is ... based on the belief that humans can live with one another without
coercion... The young man was sad and undoubtedly despairing, but hardly
flippant. Surely we should consider why he and so many other young people
are in such angry despair, rather than trivialise and discount his action
as that of a 'misfit'. When we see the number of people on the dole, the
preparations for nuclear war, and other evidence of our rulers' crazy
incompetence and our own apathy, is it really so hard to understand why
young people shout in our faces, 'We have maintained a silence closely
resembling stupidity.'?"
THE
ACCIDENTAL DEATH OF AN ANARCHIST
There
is some debate as to whether Neil attempted to kill himself or accidently
blew himself up. It is certain that he planned the bombing well in advance.
Neil had visited Wanganui two weeks before the bombing with a friend,
and were noticed by many locals because they were wearing safety pins
and razors in their ears. The day he left for Wanganui, he told friends,
"I am going to Wanganui to do something frightful.
If I should blow up the Wanganui computer, the cops will be around."
The
government in an inquest came to the conclusion that Neil was a suicide
bomber. It suited them to trivialise the incident, to make Neil seem
like a sorry misfit rather than consider why he actually targetted the
police computer. It seems the main evidence for this was a tattoo on
Neil's chest: "This punk won't see 23. No
future." The inquest was conducted without any evidence
from fellow anarchist punks. One Aucklander who knew Neil claimed he
wanted to die for his anarchist beliefs, and talked of suicide, and
either taking the computer centre or Beehive with him. Another friend
claimed that Neil had "talked of suicide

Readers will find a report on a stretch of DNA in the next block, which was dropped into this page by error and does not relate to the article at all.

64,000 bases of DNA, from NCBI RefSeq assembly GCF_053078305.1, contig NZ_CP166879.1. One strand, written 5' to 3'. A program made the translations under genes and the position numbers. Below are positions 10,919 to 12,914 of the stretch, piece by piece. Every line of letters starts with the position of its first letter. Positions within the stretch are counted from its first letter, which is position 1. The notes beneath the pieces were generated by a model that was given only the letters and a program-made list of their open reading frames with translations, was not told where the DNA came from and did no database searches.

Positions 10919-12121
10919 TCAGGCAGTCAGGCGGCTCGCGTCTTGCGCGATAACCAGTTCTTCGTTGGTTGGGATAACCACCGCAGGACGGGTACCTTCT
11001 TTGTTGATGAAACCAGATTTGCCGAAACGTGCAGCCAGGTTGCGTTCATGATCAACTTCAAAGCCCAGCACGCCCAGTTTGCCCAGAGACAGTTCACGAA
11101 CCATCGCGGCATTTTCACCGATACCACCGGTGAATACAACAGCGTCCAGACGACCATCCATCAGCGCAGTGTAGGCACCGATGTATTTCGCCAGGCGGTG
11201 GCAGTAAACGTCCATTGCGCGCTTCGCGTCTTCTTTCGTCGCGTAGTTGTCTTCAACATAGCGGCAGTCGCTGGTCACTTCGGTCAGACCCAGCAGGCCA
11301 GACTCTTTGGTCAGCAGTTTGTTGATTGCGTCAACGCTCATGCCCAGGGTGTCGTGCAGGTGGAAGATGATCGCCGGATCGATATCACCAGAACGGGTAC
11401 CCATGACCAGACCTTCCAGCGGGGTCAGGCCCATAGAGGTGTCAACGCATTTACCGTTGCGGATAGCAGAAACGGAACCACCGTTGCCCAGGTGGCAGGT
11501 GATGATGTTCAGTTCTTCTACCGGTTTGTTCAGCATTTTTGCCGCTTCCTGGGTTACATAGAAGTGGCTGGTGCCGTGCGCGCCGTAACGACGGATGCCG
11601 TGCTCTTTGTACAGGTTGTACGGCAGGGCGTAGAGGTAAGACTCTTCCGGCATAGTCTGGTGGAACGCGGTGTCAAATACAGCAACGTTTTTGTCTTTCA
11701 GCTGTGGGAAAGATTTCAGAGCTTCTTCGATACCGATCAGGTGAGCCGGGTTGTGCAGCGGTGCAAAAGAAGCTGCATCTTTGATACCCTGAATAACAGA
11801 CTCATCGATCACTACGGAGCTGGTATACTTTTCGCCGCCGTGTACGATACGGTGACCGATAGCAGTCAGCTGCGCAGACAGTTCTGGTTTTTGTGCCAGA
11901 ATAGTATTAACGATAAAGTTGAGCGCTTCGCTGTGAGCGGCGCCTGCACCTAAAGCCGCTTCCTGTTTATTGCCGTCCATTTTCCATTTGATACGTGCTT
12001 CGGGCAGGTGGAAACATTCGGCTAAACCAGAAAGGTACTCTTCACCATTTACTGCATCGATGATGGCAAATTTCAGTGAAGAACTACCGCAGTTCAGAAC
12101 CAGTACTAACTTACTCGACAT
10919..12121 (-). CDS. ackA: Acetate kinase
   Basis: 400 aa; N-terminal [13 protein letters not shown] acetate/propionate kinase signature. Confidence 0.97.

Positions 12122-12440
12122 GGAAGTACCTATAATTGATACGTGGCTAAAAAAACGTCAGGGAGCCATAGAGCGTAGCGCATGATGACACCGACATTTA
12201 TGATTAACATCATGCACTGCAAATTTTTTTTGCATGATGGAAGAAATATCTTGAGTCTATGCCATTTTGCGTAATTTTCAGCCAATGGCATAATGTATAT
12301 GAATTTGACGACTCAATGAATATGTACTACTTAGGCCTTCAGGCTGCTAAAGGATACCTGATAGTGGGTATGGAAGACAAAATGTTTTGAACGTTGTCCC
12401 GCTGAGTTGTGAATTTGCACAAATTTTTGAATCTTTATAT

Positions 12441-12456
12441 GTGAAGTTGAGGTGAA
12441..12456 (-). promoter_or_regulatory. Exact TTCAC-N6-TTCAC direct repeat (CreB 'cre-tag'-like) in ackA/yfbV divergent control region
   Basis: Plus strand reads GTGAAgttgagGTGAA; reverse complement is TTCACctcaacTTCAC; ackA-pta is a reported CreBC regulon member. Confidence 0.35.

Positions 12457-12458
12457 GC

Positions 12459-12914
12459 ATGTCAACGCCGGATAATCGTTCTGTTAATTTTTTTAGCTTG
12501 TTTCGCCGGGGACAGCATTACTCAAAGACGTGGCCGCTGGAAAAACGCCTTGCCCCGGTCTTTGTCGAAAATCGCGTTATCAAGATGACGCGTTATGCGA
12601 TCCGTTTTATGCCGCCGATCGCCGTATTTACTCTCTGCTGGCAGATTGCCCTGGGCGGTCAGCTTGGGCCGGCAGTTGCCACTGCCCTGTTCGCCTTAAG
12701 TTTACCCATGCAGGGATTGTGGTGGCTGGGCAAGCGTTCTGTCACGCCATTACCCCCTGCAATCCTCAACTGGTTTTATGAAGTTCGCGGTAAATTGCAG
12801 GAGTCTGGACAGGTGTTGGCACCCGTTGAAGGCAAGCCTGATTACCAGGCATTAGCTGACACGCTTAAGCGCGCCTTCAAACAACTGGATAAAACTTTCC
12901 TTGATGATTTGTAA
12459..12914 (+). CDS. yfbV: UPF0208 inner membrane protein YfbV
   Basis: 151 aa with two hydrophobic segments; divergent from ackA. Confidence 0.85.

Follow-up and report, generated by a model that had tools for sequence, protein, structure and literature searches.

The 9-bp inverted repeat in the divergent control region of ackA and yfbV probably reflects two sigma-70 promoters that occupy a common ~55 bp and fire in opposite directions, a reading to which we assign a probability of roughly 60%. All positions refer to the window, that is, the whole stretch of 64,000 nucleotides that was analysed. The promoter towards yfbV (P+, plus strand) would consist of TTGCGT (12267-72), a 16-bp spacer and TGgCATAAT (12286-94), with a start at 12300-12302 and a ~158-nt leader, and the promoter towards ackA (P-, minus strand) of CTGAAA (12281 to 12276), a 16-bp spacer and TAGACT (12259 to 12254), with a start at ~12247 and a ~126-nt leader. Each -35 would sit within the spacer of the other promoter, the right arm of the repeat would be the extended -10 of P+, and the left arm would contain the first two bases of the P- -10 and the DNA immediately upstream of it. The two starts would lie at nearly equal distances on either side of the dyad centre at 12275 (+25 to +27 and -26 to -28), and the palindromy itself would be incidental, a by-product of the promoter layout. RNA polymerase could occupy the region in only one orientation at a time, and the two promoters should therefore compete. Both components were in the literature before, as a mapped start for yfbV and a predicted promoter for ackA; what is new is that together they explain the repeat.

for three years and he had every intention of doing it [a
suicide bombing]. It was not an act of cowardice... it was making
a statement with his life." The amount of gelignite Neil
had was many, many times over the amount needed to blow himseolf up.
It is possible that Neil intended to blow up the Wanganui police computer,
and by mistake, through inexperience with explosives, could have set
the bomb off accidently. Whether it was a suicide or accident, it will
never be known for sure.
CREEPING
FASCISM: MULDOON AND HIS POLICE STATE
It
is important to put Neil's act in context. By 1982, there was a real climate
of fear of a police state in NZ developing under PM Robert "Piggy"
Muldoon. Muldoon was a complete authoritarian, a proto-fascist, a more
rabid version of the ultra-conservative post-war generation that ruled
NZ politics in the 1960s. Muldoon was the kiwi equivalent of Nixon in
the U$A. What was scary is that he was popular with a large chunk of the
population. Many people seemed to lap up his left-bashing, union-bashing,
sexist, racist, law-and-order policies. Muldoon did things like dawn raids
on Pacific Islanders (the accusation: "Over-staying"), and allowed
the 1981 Springbok Tour by the apartheid South African rugby team to go
ahead. The Tour (as it was known) was very brutal. Tens of thousands of
kiwis got out on the streets and tried to stop the thugby games from going
ahead, and the police beat many up in a massive operation. Many suffered
severe injuries, including one actor, playing a clown in an effort to
defuse tension between the sides, but who was severely wounded by police
baton attacks.
In
1982, a year after the Springbok Tour and the climate of fear and polarisation
that the tour had created, Neil targetted the police central computer
at Wanganui because it held all the national police records: it was a
symbol of the creeping fascism of Muldoon and sections of the ruling class
at the time. In 1978, there had been massive protests against an attempt
by Muldoon to increase the power of the secret police, the SIS. The computer
had become a symbol of Muldoonist authoritarianism since it was first
installed in the mid 1970s (when several protest groups including the
PYM organised campaigns against it.)
Neil
was part of the anarchist punk rock scene at the time, which was then
in its infancy. A very loose community of anarchist punks throughout Aotearoa
was being formed by the early 1980s, which was to flourish by the mid
to late 1980s. Punk is often dismissed as negative and nihilistic, but
in the early 80s it was a child of its time: not only a protest against
the stifling and boring cultural conformity in Aotearoa, but also an understandably
pessimistic reaction to the state of the kiwi society at the time. The
recession in the economy from the 1970s created a new political mood that